Yet when people at work realise I’m STILL breastfeeding, their reactions are usually defensive or negative- ‘oh we don’t feel that there’s any nutritional value post 3 months so haven’t’, ‘we wanted the baby to sleep so stopped’, ‘I couldn’t combine pumping and working, it just can’t be done’, ‘I wanted my life back’, ‘you’re never going to get him to stop now’, ‘teeth!’

Please stop

If you think I’m judging you, just because I’m still nursing, please know that I’m not – I’m too tired, too overwhelmed with everything else to even care what your choices are

And that’s the thing, they are your choices – I’m working on the basis that they are choices you have made that work for you, just like the choices I’ve made – they work for you and they’re what you’ve chosen and nothing I do or don’t do should impact on them

If you aren’t happy with your choices that is a whole other thing but please don’t reflect that onto me

What would be great is if you could stop me feeling a bit meh about sharing what the reality of my life is – I don’t want to feel that I should hide my choices just in case they make you uncomfortable.  I mean it’s not as if I’m walking around the office with my boobs out and my pump on, which would be a little out there…

 

5 things my 5 miscarriages have taught me

5 lessons from my 5 miscarriages

I have been reading back through my old blog posts, reading back through the story of the last few years and realising how incredibly lucky I am that we got through those days and we are now in such a lucky, blessed place

Reading back through my posts about my miscarriages I wish I could go back in time and give myself some advice, that I could have told myself to be kinder to myself

If I could go and get a cup of tea with the person I was then there are some things I learnt through all of that sadness and loss that I would want her to know

 

1.       It isn’t your fault

You have done nothing wrong – honestly you haven’t

I know it feels like you have but you haven’t

I still blame myself for stupidly subscribing to the ‘it’s a pregnancy not an illness’ and running a 5k race just before I lost one baby.  Logically I know that running that race changed nothing, emotionally I cannot stop thinking what might have been if I hadn’t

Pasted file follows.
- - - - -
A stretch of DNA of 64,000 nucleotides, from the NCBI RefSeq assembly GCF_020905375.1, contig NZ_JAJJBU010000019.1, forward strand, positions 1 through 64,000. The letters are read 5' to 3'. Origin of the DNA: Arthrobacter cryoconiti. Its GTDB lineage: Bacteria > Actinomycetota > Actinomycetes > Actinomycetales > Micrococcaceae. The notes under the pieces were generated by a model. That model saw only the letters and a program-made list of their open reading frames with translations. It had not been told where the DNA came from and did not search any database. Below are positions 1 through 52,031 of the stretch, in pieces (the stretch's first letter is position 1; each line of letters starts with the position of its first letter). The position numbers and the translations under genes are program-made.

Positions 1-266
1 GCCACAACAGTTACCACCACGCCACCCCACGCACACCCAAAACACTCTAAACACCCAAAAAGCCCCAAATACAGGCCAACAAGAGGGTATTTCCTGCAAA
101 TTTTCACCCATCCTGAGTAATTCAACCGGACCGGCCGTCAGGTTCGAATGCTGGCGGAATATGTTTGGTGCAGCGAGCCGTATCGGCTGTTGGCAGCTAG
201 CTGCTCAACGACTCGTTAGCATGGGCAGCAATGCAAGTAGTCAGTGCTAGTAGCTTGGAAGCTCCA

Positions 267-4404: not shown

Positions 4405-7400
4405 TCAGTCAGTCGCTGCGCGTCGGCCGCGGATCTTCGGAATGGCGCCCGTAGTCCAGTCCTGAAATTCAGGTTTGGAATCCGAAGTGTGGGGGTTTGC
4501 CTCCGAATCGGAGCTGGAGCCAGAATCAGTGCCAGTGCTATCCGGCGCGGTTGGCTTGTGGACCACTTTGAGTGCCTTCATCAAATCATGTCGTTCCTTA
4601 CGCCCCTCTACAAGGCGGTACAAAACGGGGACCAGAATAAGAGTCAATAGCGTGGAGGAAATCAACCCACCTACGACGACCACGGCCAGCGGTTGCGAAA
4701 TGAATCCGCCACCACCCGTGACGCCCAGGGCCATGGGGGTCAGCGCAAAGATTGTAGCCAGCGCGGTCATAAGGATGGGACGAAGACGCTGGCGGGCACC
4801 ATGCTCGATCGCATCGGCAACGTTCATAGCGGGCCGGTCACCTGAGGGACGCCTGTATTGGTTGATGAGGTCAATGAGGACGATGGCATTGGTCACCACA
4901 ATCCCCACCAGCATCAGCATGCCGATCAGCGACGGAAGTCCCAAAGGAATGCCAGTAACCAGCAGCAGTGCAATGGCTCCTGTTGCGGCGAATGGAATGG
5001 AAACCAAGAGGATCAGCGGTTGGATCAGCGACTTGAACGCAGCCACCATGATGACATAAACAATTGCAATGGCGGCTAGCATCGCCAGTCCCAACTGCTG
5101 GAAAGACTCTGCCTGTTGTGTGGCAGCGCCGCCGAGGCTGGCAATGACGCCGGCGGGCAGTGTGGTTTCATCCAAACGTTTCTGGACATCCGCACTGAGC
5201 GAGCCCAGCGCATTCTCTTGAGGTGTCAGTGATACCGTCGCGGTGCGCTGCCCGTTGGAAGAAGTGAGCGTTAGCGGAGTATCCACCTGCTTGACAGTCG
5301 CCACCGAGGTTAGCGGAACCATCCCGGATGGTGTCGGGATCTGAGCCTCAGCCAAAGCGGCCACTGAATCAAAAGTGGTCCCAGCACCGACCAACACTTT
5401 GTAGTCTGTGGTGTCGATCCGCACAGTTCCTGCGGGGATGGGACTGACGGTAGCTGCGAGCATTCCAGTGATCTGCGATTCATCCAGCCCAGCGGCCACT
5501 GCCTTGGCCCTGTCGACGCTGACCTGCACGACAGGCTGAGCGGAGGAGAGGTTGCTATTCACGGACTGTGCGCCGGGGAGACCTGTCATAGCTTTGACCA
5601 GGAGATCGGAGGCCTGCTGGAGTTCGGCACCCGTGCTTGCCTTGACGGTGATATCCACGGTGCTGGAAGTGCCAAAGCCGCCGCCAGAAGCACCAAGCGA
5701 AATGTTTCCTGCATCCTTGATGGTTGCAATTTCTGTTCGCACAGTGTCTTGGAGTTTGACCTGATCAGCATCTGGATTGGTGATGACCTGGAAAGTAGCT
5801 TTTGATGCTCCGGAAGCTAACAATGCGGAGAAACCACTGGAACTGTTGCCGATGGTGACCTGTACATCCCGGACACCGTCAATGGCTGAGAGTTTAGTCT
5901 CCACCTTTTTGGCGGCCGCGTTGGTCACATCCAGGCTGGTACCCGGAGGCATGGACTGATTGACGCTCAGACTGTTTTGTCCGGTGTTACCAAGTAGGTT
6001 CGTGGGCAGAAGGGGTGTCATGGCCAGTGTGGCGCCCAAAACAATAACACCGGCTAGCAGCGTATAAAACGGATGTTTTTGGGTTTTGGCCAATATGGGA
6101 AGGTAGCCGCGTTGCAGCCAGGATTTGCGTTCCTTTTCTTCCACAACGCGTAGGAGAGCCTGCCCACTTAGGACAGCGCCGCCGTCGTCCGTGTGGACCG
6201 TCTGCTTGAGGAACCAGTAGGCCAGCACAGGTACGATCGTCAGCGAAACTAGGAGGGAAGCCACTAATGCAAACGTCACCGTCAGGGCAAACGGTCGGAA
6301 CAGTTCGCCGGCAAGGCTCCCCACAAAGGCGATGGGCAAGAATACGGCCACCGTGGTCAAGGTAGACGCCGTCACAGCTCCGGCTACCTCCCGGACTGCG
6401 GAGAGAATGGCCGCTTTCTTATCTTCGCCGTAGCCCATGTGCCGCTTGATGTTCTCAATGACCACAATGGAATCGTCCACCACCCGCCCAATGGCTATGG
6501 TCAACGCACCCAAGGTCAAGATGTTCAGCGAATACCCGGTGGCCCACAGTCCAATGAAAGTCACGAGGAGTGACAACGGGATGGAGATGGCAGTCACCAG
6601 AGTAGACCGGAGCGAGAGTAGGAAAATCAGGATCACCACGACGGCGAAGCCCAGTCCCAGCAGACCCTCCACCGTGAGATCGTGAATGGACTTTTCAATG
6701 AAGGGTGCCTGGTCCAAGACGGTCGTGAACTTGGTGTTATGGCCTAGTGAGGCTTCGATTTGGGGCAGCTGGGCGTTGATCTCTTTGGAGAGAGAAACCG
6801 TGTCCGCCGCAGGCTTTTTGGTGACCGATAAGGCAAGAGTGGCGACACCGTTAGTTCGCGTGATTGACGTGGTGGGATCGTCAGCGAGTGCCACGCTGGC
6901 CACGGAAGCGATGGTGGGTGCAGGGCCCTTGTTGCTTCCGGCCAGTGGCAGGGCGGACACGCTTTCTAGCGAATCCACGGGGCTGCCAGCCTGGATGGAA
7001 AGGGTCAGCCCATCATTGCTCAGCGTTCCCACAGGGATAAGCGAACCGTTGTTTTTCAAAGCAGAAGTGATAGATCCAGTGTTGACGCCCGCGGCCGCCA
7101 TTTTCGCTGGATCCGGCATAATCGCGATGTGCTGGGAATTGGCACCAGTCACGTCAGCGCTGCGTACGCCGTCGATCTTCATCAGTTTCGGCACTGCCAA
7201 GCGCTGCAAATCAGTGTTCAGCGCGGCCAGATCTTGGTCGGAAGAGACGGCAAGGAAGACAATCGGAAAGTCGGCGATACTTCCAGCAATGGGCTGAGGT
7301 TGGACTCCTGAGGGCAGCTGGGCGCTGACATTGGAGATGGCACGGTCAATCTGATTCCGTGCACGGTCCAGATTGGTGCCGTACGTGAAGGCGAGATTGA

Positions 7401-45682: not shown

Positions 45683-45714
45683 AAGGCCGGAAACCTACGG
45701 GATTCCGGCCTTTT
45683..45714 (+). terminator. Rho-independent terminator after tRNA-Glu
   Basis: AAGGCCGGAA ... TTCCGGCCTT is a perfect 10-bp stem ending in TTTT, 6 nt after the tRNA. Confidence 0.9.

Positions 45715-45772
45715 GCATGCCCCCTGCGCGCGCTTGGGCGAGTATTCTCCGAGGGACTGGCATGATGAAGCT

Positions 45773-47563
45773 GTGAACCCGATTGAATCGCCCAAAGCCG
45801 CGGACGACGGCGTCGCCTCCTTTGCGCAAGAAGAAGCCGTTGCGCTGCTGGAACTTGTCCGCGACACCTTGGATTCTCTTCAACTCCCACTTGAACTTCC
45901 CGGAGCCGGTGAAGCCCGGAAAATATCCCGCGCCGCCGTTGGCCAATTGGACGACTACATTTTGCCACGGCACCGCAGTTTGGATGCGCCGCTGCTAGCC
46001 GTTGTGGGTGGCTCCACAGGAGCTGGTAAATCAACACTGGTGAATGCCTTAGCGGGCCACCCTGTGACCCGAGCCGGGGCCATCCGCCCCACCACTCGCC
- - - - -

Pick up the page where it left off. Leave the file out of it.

Conversely I didn’t know I was pregnant with Littlest – I wasn’t taking folic acid, or vitamins or doing any of the good stuff in those vulnerable first few weeks

Mother Nature is a beast who works in mysterious ways (anyone who makes early pregnancy symptoms and pre-menstrual symptoms the same has a lot to answer for in my book) and nothing you can or don’t do will jinx things

 

2.       Hope is both your friend and your enemy

One of my most vivid memories of my miscarriages is waiting in the ultrasound area after a scan convinced it was all going to turn out fine for 20 minutes before the nurse told me I’d lost the baby.  I’d heard them take measurements, asked to see the screen and they hadn’t let me and I was sure it was all going to turn out ok.  It didn’t and the rollercoaster down from the heights of that relief that it was all going to work out was one of the hardest things I’ve experienced

And then there’s the hope each month that you might get pregnant and that it might work out

You need hope to keep trying to conceive, you need hope to want to get pregnant when you might have to endure the pain of another loss – sometimes accepting that perhaps you can’t hope right now is ok too.  It’s hard work trying to stay positive and it’s ok to turn that off and just be glum if you need to be

 

3.       Everyone deals with loss differently

There is no perfect, no right way to deal with loss

For some people it is easier for them to subscribe to stiff upper lip and move on, for others they need to acknowledge their loss and embrace it